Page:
Often, they go hand in glove. Addiction often starts as something that has served them well. It's what we call adaptive. Let's say a young Broadway star, for example, has stage anxiety, so she decides that if she has a drink before she goes on stage, it will quell her anxiety and enable her to perform. So what happens is that then her brain says, "Oh, anxiety. Alcohol." It establishes that connection. And then that person feels like they need this alcohol to perform. There are two elements to addiction, and the first is tolerance; at first she needed one drink, but now she needs three. And then withdrawal. When she doesn't have it, she's constantly thinking about it.
I work with high-functioning men and women, and I tend to find that they engage in binge drinking. Let's use, for example, a lawyer who's able to put a box around the alcohol or drug use from Monday to Friday. But come Friday afternoon, the obsession kicks in, the thought kicks in and they're off to the races. And they cram a week's worth of drinking into a weekend. So they're able to contain that drinking during the week, but then the pressure to use just builds up and they completely overuse.
What do we need to know about male addicts in particular?
Males are much less willing to ask for help. They'll struggle with their addiction in secrecy and isolation for much longer than women, who are more relationship-oriented. There's a real sense of pride and ego that goes along with it. They think they can handle it, that they're not out of control, that they're masters of their destiny.
And then there are also three big defenses: denial, rationalization and minimization. Men will deny they have a problem, or they'll minimize it – "Yeah, I got drunk last weekend. It's no big deal." Or they'll rationalize it: "I have a really stressful job, and I make a lot of money, so I deserve to drink. Leave me alone." It's much harder to get to them and to really show them the insidious and destructive nature of their disease.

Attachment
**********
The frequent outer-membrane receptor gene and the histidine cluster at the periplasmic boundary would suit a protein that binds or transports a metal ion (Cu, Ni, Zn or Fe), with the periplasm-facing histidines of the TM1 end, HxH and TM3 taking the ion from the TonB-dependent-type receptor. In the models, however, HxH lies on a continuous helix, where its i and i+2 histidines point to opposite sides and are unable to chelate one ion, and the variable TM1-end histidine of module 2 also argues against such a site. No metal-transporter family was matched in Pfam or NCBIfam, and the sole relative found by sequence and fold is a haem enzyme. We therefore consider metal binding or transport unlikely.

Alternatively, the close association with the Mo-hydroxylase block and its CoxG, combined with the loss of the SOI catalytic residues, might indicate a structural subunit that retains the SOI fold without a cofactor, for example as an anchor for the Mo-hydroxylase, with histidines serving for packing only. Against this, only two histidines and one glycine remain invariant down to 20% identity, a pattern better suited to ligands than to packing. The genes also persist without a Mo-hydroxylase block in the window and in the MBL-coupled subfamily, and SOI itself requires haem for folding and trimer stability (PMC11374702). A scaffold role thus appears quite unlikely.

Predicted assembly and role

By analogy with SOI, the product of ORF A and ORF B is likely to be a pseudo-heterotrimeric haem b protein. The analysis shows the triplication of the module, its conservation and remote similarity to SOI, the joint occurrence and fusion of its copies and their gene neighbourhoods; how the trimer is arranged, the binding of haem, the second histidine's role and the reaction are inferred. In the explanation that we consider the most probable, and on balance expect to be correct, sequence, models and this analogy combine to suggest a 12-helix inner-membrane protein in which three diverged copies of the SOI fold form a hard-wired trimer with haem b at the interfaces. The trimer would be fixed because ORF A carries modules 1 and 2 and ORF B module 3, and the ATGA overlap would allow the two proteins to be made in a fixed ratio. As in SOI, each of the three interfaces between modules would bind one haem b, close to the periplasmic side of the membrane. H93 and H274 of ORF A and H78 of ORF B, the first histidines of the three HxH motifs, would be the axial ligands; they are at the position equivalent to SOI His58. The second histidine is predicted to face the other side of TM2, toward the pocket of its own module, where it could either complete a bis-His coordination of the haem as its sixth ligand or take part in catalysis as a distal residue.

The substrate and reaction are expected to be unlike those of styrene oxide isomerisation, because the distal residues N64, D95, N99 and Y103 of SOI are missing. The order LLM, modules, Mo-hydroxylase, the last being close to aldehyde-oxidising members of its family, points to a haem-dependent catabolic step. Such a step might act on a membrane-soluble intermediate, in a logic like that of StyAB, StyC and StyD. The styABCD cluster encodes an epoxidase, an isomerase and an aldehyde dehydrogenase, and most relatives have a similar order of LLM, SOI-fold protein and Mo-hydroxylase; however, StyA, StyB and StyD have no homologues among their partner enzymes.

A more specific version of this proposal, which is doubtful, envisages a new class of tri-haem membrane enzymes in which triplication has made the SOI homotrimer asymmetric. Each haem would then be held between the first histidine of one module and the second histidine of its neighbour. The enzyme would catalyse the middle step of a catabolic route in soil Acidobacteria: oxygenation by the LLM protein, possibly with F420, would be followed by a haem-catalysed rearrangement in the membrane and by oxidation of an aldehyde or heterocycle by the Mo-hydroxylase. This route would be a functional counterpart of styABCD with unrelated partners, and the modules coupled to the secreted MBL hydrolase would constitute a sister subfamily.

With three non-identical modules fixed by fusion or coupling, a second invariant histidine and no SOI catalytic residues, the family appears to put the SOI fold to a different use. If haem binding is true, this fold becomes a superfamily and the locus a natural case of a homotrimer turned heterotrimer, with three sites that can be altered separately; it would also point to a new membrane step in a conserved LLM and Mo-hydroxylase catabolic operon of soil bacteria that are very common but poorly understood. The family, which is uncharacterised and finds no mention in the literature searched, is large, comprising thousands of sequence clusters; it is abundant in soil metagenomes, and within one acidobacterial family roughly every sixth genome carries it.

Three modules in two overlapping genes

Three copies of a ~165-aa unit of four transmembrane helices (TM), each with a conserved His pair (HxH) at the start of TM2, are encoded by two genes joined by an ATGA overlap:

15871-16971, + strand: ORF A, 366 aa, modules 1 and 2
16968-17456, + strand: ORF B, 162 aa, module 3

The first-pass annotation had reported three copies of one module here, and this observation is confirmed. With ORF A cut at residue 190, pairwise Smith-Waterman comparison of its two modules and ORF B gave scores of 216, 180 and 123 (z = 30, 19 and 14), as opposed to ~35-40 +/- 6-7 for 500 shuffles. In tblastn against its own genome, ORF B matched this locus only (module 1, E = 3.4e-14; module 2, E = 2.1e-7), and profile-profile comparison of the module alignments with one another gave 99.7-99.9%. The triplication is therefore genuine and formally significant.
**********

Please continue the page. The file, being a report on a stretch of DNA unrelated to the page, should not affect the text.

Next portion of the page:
So how do we get through to men?
The important thing is to use "I" terms instead of "you" terms. Say, "I feel really unsafe and insecure when alcohol gets introduced to this relationship," so you're doing it in a way that's really nonthreatening. Because if you point your finger and say, "When you drink, you turn into a jerk," you're not going to get very far with that conversation. The other thing that's critically important is to have gender-specific interventions. Have a man speak with a man; have a woman speak with a woman.
Not every addict is able to overcome the disease. Why doesn't rehab work for everyone?
Because, first of all, their pride and ego get in the way. They think they have all the answers, and that they don't need to listen to what they were told in rehab – and by the way, what they paid a significant sum of money for. They basically say, "I have this under control, I don't need to comply with the terms of my aftercare program," and their life intervenes. They put their career before their sobriety, they put their relationship before their sobriety. And because the disease is so chronic and progressive, and so insidious, they need to be diligent about putting their recovery first. Because whatever they put in front of their recovery is going to be the second thing they lose – the first being their recovery. It's a lifelong process.
Is a monthlong rehab stay adequate?
People think 28 days is appropriate – that they can go in and get cleaned up and have all the solutions. But we find that the outcome rate improves exponentially with the longer stays. It takes the brain 90 days to rewire itself and learn a new habit or unlearn old behaviors. So 90 days is a really critical element here. And we really need to treat it in a systemic way – we need to address the family situation, the work environment and the underlying emotional life. We need to look at it in a contextual frame rather than just an isolated frame. Addiction is very complicated and complex, so we need complicated and complex solutions.